Presenter of the National Book Awards

The Book That Changed My Life

Sara Zarr

Sara Zarr was a 2007 National Book Award Finalist in Young People's Literature for Story of a Girl.

It’s impossible to pick one book from my lifetime of reading thus far as the book that changed my life. I’m only 37 and, who knows, maybe I’ll read something at 82 that is the real bolt of lightning. There is one author, however, who spoke to my teenage soul and helped shape me as a writer: the late, great Robert Cormier.

The Chocolate War probably came to me as an assigned book in seventh or eighth grade, or maybe it was I Am the Cheese I read first. In any case, Cormier’s books were my introduction to realistic young adult fiction, and as I stepped into the dark shadows of Monument, Massachusetts, I had that flash of recognition every reader hopes for when she opens a book. There was a universe that I recognized. Cormier skipped over the usual problems of teen novels and went straight for the big game: good versus evil in a world where good doesn’t always triumph, the struggles within our own psyches between the longing to do what’s right and the tendency to do the opposite, oppression, anarchy, mental illness, institutional and personal corruption. Like Flannery O’Connor and Nathanael West and so many others, Cormier extracted his stories from the deepest ugliness and profanity of the human heart. What set him apart and made him a pioneer was that he recognized young people weren’t immune to the human condition---teens, as much as adults, were carriers.

As disturbing and haunting as Cormier’s books are, I took comfort in them as a teen reader. I’d been given or absorbed the message that it’s not that bad, that believing in yourself is the answer to everything, that good is rewarded. That didn’t jibe with my experience. Cormier came along and said, you know what, it is that bad. It’s that bad, and sometimes it’s worse. Even if kids at my high school weren’t building guillotines or committing federal crimes, the familiarity of his stories came from his ability to understand and write about what it felt like to be at war with the world, and, more profoundly, at war with yourself.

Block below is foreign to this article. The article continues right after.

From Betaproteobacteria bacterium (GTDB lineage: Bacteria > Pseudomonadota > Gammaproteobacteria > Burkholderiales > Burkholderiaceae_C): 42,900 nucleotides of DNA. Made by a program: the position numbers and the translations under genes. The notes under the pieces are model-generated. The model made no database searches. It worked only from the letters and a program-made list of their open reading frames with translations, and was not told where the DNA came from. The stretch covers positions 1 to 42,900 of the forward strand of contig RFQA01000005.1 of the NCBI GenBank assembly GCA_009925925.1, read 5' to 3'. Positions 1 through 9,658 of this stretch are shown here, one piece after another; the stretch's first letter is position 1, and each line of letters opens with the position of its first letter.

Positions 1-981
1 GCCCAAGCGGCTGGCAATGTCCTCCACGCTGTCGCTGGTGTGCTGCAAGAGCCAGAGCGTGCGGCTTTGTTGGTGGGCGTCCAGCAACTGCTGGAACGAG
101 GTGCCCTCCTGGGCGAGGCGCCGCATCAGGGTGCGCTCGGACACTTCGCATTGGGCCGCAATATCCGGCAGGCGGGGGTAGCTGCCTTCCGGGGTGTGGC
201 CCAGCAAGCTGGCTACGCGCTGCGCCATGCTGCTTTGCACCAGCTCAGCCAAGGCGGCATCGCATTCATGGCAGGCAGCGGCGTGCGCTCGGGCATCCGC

When I started to seriously pursue writing novels, I knew I wanted to be that kind of writer. I didn’t want to turn away from what’s ugly or painful just because some have the idea that childhood is a time of innocence that magically extends to age seventeen. I wanted to be unafraid of endings that others might see as unhappy, but that I knew were as close to hopeful as possible in the world my characters inhabit. I wanted to give my teen characters full lives, honoring their experience of life and of themselves as complicated and perplexing, sometimes frightening, sometimes beautiful and poignant.

Cormier’s books didn’t show me a world that was previously unknown to me. They opened the doors on that world that was known, but hidden, and asked questions about it, said, let’s get some light in here and look at what we’ve got, then draw your own conclusions.

Sara Zarr

Photo © Quinn Jacobson.